And yet despite all his anger, Jimmy does nothing to change his life. He's one of those people who simply snipes from the sidelines without doing anything that might make things better. Though he doesn't come out and say so outright, one gets the impression that this rankles with Jimmy deep down. And this only adds to his frustration and impotent rage.

Angry at the system but unwilling to do anything about it, he consoles himself with lashing out at society as well as at his wife, whom he leads an absolute dog's life.

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Jimmy Porter is a part-time jazz musician who makes a living selling candy at a stand. He is from the working class and resents the elite horribly, but he is also conflicted about his beliefs. He married Alison, who is from the upper class, but he resents her and treats her badly. His treatment of his wife is abusive, and he does not seem to care when he finds out that she is pregnant. He seems to detest his wife's friend, Helena, but he winds up having a passionate affair with her.

Clearly, Jimmy is a bundle of contradictions. He is passionate about progressive politics, but he treats his wife like a slave, which might seem contrary to being progressive. He hates the elite, but he chose to marry Alison. He seems hateful, but he plays the tender game of bears and squirrels with Alison in the end and makes up with her. Jimmy is filled with rage, but what he's angry at seems to be a moving target. It's clear that Britain, as it's currently configured, is not to his liking. It isn't clear what kind of world, if any, could make him happy—or whether he just prefers to dwell in misery.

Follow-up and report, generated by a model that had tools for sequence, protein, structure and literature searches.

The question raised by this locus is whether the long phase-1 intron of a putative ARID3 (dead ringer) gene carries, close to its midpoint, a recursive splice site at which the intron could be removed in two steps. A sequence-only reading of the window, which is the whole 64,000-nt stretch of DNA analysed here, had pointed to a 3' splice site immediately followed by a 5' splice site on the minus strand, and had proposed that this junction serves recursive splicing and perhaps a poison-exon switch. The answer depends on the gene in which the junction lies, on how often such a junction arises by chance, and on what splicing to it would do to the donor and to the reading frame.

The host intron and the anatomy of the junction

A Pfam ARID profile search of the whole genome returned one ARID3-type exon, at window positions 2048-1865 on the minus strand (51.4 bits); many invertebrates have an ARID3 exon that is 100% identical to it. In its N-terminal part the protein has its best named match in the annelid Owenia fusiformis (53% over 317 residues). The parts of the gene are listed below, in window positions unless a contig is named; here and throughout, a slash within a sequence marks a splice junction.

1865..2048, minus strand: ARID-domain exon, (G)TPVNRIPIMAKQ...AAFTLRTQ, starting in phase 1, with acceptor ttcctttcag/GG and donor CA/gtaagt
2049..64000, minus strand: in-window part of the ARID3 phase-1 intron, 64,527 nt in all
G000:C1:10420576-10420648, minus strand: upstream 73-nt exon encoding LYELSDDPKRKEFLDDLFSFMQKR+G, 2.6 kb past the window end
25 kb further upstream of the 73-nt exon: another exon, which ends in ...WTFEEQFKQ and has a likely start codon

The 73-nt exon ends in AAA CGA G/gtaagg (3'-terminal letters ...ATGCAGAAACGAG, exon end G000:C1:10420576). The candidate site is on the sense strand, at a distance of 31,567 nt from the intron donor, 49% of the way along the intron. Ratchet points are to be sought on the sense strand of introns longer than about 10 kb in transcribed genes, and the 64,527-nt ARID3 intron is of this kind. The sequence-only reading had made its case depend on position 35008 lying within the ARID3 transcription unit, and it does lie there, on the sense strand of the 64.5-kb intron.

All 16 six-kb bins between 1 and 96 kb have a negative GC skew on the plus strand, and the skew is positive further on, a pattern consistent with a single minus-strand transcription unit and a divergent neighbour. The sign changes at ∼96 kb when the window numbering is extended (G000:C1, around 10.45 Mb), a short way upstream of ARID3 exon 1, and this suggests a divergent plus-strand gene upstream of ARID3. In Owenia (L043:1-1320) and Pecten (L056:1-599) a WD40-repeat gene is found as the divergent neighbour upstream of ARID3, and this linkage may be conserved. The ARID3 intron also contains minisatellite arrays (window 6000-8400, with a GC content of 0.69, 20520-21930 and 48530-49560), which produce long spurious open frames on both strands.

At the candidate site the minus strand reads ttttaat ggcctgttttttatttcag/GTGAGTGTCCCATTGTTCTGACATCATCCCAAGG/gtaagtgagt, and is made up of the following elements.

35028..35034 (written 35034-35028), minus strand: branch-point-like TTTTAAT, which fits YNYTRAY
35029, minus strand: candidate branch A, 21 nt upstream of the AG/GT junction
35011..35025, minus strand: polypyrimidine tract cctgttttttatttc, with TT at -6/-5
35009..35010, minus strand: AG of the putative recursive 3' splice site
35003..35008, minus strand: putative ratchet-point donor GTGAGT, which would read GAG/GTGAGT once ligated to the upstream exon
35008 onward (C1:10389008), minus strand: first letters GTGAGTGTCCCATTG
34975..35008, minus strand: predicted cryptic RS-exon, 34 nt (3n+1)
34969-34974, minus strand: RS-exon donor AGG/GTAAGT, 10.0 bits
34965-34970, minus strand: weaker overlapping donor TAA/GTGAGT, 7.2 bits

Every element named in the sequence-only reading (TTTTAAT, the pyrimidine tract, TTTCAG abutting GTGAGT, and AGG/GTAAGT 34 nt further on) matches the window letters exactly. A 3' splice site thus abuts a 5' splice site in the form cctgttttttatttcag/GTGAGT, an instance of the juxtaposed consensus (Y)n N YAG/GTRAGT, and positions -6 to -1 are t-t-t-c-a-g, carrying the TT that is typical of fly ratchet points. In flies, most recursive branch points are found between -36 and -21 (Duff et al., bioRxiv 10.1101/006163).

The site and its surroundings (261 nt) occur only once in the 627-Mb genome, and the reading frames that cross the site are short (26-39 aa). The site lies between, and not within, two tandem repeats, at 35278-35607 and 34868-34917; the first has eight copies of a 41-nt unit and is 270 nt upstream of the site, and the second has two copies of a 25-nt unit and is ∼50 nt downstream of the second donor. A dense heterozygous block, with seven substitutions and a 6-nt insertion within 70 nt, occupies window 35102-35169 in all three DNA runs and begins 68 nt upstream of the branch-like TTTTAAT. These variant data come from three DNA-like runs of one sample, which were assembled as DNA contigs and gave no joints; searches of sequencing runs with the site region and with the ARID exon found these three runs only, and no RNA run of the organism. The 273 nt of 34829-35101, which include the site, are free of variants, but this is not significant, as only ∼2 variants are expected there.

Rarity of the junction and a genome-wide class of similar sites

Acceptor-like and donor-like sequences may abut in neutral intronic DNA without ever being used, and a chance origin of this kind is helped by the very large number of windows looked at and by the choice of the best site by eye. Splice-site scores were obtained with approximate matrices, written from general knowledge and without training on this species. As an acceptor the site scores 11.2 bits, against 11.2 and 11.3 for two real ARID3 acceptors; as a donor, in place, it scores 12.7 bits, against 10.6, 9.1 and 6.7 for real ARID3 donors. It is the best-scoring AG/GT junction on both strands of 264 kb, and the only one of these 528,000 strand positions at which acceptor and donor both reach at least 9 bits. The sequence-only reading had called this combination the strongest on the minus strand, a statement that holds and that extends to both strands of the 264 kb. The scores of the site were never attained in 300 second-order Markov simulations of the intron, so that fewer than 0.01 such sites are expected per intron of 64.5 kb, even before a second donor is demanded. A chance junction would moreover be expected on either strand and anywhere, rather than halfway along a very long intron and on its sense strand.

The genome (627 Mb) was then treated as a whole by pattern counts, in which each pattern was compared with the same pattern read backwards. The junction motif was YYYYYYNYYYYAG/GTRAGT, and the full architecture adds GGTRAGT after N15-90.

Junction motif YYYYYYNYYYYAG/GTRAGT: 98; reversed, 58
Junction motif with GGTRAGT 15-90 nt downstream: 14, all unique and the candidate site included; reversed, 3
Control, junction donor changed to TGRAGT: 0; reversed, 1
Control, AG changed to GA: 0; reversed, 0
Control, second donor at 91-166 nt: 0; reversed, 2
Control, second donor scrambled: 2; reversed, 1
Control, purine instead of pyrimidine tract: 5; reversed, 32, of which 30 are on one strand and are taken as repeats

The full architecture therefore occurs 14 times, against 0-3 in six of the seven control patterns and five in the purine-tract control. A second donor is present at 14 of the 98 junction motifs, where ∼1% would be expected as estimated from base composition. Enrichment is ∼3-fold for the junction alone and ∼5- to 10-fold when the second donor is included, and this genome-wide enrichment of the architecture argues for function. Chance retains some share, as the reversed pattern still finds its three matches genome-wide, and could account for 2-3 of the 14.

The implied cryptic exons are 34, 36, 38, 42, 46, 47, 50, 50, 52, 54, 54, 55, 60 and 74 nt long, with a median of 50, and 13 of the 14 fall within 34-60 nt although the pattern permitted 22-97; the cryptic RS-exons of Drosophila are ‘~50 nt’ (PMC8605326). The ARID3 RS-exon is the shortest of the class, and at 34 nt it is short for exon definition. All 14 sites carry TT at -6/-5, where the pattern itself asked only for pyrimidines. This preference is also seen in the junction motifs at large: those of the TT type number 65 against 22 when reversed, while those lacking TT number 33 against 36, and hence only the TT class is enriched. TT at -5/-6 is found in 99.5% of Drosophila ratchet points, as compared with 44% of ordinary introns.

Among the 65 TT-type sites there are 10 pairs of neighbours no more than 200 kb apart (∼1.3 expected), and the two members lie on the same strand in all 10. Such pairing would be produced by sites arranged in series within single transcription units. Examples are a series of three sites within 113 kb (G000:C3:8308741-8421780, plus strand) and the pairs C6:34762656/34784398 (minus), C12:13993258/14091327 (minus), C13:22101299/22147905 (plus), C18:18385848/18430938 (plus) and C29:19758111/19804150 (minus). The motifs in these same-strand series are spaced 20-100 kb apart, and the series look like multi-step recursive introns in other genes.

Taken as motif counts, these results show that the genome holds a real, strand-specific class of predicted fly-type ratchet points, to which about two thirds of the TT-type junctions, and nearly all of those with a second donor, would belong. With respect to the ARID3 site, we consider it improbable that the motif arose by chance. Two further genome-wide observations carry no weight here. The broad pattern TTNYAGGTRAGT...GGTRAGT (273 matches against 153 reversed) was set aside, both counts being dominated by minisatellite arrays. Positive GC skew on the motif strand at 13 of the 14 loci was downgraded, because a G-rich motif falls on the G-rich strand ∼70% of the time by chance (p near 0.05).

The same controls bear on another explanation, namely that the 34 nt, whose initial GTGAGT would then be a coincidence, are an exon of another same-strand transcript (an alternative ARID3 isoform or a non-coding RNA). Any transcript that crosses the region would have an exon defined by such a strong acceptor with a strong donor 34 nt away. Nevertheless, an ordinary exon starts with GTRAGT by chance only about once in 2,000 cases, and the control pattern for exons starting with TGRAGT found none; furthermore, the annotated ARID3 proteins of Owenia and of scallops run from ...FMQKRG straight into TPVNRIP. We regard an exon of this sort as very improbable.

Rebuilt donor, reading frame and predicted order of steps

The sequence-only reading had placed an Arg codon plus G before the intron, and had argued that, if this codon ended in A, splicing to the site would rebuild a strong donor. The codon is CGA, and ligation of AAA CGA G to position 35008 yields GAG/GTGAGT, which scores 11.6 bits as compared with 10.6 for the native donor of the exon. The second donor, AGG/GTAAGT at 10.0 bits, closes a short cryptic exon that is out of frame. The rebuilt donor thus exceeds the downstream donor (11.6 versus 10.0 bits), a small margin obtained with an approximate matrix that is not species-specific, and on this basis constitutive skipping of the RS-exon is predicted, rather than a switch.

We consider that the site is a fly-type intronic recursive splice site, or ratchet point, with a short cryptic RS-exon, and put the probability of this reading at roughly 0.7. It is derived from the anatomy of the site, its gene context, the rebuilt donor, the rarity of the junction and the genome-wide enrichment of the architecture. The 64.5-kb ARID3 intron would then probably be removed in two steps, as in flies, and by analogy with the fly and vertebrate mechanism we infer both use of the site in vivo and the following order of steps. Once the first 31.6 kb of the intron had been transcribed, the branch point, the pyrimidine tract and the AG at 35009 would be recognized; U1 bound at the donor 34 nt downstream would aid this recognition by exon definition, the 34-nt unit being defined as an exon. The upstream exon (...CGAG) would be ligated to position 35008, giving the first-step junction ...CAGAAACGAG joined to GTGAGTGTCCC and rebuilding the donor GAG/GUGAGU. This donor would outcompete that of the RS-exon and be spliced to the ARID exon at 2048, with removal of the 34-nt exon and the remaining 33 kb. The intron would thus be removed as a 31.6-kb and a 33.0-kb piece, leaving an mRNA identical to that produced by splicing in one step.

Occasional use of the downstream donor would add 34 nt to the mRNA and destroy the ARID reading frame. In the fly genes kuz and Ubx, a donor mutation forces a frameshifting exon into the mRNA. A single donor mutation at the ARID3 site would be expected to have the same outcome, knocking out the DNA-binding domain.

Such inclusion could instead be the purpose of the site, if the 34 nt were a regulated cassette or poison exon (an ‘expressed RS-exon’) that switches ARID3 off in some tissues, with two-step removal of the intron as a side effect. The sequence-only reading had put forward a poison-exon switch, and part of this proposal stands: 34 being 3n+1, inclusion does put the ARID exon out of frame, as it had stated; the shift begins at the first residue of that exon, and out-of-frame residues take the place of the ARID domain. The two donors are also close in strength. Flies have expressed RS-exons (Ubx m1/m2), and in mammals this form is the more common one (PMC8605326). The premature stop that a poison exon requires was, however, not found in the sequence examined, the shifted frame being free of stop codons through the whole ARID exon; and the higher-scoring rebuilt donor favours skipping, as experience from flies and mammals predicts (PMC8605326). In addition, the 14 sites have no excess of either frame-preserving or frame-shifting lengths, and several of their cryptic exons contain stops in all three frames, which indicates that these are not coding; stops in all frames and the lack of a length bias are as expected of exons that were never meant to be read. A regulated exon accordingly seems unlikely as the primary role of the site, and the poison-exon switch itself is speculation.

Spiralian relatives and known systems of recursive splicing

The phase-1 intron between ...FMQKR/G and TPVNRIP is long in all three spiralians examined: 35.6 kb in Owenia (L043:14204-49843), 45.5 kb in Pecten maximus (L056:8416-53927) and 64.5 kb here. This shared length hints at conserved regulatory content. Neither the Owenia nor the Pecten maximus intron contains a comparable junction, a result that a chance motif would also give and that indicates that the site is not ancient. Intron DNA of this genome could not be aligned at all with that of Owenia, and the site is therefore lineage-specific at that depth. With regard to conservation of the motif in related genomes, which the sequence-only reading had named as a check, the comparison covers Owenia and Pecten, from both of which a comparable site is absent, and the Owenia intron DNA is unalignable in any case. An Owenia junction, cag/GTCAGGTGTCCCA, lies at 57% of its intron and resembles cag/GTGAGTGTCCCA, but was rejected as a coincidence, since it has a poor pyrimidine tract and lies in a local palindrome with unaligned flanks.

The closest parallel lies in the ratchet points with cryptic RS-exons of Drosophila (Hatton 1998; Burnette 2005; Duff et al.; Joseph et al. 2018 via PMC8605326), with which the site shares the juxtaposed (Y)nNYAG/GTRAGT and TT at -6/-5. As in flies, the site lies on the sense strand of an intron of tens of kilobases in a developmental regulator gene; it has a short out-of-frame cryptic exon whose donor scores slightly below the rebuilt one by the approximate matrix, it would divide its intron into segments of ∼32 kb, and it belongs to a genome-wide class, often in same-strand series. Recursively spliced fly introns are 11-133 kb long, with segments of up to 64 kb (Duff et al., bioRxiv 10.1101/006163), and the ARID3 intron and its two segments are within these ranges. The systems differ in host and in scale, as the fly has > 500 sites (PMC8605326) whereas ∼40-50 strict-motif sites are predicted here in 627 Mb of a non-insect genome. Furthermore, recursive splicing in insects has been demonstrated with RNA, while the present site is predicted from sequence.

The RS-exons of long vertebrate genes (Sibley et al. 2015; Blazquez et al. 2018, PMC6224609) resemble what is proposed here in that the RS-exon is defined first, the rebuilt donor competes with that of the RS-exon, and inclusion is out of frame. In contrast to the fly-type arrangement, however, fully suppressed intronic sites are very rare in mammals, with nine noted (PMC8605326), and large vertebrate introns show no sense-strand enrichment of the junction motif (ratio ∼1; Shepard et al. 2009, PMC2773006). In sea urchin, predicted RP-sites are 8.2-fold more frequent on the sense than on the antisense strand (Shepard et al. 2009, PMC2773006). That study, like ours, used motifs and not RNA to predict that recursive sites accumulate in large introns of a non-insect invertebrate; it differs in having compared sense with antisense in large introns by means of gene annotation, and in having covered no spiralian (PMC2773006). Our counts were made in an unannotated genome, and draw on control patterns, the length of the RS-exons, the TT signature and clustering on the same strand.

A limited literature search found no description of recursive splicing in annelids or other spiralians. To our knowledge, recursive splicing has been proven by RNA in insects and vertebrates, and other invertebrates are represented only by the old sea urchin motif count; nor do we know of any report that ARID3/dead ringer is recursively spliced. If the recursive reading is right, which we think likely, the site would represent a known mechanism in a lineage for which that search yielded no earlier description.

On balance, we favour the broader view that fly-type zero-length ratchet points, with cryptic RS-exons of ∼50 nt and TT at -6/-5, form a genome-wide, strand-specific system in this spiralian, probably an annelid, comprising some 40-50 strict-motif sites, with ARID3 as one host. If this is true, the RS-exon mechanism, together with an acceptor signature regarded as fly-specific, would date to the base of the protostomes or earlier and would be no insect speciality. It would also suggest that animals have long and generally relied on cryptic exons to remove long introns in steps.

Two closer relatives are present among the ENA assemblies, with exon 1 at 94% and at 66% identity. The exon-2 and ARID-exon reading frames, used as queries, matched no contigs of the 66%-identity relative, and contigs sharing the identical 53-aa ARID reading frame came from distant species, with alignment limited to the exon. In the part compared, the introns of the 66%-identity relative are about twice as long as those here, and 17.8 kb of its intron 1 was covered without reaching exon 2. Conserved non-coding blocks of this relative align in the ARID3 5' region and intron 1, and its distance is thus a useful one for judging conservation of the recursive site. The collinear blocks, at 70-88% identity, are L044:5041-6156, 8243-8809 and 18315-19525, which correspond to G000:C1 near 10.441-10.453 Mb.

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Jimmy's character in Look Back in Anger  is the "angry young man."  

Jimmy is upset at the world around him.  He feels he is denied his rightful place in British society because of his working class heritage.  He finds phoniness repugnant. It is in a world that says that the class system is gone, but still operates under it. Jimmy cannot accept that someone of his talents is left to occupy a sweet stall.  He sees social barriers such as class as the reason why he cannot be more in life, obstacles that prevent him from being able to "make it to the top."

Jimmy rails against the lack of authenticity in human interactions.  This can be seen in his attacks on Alison, in lines such as, “Why don't we have a little game? Let's pretend that we're human beings, and that we're actually alive.” Jimmy's abuse of Alison is predicated upon the idea that she does not know what it's like to suffer and experience pure pain.  For a large portion of the drama, he sees her as an extension of the false world around him.  

These help to explain how Jimmy feels he is misunderstood.  He believes that no one can fully "get" him.  When he says, "My heart is so full, I feel ill—and she wants peace," Jimmy's frustration is evident.  He believes that his own background of having seen his father die has helped to create a perception of realty that no one is ever going to fully understand: "You see, I learnt at an early age what it was to be angry—angry and helpless. And I can never forget it.''  The angry, forlorn condition that Jimmy has carried from his childhood goes very far in defining him in Osborne's drama.